"Unlike most nations, we no longer "own" our language. The Anglish/New English project is intended as a means of recovering the Englishness of English and of restoring ownership of the language to the English people"
Whilst you would be forgiven for thinking this statement comes straight from the latest UKIP manifesto, it is in fact a quotation from The Anglish Moot, a fan-page promoting the use of the 'Anglish' language — that is, English with all foreign borrowings stripped away.
Originally coined as a joke by humourist Paul Jennings, the notion of Anglish — a portmanteau of 'Anglo-Saxon' and 'English' — seems to have developed a certain cult following. Unperturbed by the fact that half of all our vocabulary (pardon, word-stock) comes from Latin or French sources, these purists have endeavoured to draft a manifesto in their desired tongue. Unsurprisingly, it is as incomprehensible as it is ridiculous. Blaming 1066 and 'the hild of Hastings' for this linguistic contamination, the Moot moves on to theorise how 'the high score of beclouding Latinise words is an unneeded inkshed'.
Whilst it is hard not to treat such statements with mockery, more serious attempts have been made to prevent foreign imports from entering our language. Fighting against the 'needless inbringing' of Latin and French terms, popular nineteenth-century poet William Barnes coined a considerable number of scientific words based on Old English, such as birdlore for 'ornithology' or bendsome for 'flexible'. Similarly George Orwell had his reservations, which is all the more strange in light of his dystopian novel 1984 where the brain-numbingly simplistic language 'Newspeak' serves to control and severely limit freedom of thought.
Sadly, we cannot reduce this inward attitude towards language to the nationalist zeitgeist of the late 19th and early 20th century, as Donald Trump has proved. One of his first actions upon assuming the Presidency was to take down the Spanish-language version of the White House website, acting swiftly on his 2015 observation that "this is a country where we speak English, not Spanish' — despite the fact that the USA contains more Spanish speakers than Spain itself.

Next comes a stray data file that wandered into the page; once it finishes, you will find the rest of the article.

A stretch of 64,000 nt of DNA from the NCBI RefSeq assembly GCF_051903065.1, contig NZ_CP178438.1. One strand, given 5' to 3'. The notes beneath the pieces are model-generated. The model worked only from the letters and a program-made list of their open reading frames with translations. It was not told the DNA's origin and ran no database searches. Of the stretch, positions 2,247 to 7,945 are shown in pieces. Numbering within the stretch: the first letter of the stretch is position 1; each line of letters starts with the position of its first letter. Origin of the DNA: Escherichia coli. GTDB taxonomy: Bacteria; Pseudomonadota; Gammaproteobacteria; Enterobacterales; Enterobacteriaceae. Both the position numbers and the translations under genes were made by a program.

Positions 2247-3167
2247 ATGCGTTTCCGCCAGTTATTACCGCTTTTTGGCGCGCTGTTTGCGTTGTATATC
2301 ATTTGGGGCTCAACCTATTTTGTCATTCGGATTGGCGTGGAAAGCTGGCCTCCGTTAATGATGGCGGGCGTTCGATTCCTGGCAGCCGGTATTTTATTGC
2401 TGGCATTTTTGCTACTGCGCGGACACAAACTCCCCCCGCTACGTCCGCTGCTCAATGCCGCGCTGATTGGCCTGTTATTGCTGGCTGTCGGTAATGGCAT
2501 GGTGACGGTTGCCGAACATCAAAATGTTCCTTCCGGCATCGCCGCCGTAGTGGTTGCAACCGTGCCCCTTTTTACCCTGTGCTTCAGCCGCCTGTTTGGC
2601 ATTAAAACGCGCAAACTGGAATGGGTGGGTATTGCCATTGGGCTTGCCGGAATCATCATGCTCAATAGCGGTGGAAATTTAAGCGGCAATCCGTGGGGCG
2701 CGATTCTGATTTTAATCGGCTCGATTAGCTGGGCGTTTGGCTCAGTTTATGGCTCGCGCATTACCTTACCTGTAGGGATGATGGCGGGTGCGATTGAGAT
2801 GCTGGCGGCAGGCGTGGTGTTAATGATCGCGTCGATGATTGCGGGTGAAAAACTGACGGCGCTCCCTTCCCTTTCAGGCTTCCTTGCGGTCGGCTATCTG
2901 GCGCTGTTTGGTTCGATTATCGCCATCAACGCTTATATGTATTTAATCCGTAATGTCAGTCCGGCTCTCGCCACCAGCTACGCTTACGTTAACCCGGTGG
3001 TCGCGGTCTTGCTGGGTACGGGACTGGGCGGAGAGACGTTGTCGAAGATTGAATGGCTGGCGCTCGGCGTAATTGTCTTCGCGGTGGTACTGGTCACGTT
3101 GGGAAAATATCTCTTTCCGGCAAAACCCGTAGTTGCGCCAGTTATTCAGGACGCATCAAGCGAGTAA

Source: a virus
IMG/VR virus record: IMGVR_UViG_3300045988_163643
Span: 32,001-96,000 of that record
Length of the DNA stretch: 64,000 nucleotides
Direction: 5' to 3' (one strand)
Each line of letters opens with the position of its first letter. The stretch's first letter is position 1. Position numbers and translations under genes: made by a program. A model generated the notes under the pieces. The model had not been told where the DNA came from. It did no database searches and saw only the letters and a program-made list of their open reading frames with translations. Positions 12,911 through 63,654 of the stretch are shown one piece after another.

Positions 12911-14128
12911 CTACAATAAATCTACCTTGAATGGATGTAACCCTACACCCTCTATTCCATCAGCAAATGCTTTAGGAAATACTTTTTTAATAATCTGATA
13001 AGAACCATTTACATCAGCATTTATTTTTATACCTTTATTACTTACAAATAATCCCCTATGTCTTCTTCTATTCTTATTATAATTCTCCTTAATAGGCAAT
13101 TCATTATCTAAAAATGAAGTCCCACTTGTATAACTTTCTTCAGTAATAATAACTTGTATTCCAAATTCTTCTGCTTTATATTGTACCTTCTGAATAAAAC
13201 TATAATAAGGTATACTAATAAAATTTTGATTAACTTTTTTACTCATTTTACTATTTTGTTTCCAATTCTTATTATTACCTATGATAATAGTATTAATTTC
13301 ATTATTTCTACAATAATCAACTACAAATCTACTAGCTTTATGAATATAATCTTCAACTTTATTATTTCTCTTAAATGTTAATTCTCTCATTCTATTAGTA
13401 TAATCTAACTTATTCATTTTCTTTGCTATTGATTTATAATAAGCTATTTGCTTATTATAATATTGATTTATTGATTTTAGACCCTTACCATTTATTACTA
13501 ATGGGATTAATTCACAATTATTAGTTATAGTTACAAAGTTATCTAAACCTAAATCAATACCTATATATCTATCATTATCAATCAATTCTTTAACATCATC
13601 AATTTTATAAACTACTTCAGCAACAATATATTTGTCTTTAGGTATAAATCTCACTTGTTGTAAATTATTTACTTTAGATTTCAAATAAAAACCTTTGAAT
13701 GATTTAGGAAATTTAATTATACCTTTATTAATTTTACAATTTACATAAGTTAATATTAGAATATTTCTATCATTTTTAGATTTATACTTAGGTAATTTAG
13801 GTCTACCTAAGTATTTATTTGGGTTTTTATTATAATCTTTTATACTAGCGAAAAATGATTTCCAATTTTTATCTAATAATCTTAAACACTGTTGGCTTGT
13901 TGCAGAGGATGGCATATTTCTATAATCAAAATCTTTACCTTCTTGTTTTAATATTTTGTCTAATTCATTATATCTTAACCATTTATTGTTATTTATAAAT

As well as feeding a nationalist agenda, reducing English to its 'origins' would lose some very useful characteristics that makes it such an expressive language. Broadly speaking, English can be split into three levels of formality or 'registers' — Anglo Saxon, French and Latin. This is significant, given how we all use language differently according to the situation. Think of a supervision essay. When was the last time you heard someone say 'henceforth' in the pub? With this useful distinction, we can choose between wrong, false and incorrect depending on how politely we wish to set someone right.
Even when this register distinction does not apply, the presence of Latin cognates may enrich our vocabulary by providing nuanced shades of meaning. Take for example the adjectives 'maternal' and 'motherly'. Both refer to women, but are used in different ways. While the Latin root has a more neutral use (maternal grandparents, maternal care), the 'pure' form carries an emotive charge, connoting instead love, protection or kindliness (motherly love, motherly protection). If communication is the primary role of any language, then English can owe a large part of its prestige to its ability to get across the complex mix of needs and emotions that characterise all human interaction.
However, this accommodating attitude towards foreign words does not extend to our Gallic neighbours — and the language of love is suffering as a result. It is well documented that English has seeped into many different areas of French usage, especially in the fields of technology, fashion and administration. However, L'Académie française, the group of 40 academics that polices the French language, is relentless in its persecution of such integration. No sooner does an English term begins to take root in France that the Académie will be on hand to suggest alternatives. And, the replacement word often has a bizarre history. 'Ramdam' — suggested as a suitably French version of the English 'buzz' — actually comes from an Arabic term describing the hullaballoo that traditionally follows the period of fasting during Ramadan. However, it is the nature of languages to change and adapt to the world around it, and many of these terms — such as ordiphone in place of smartphone — fail to catch on. In fact, such is the militancy of the Académie that in 1994, a law was passed (La loi Toubon) that banned all non-French words from official documents, and unbelievably, flouting the rules could theoretically be punished with a jail sentence.
I understand that there is a strong element of pride in the French linguistic tradition. But for as long as speakers prevent its natural evolution to accommodate modern concepts, English will continue to fill in all those gaps left behind by such conservatism. English may be 'about as pure as a cribhouse whore', as James Nicoll so poetically put it, but it is all the more powerful because of it.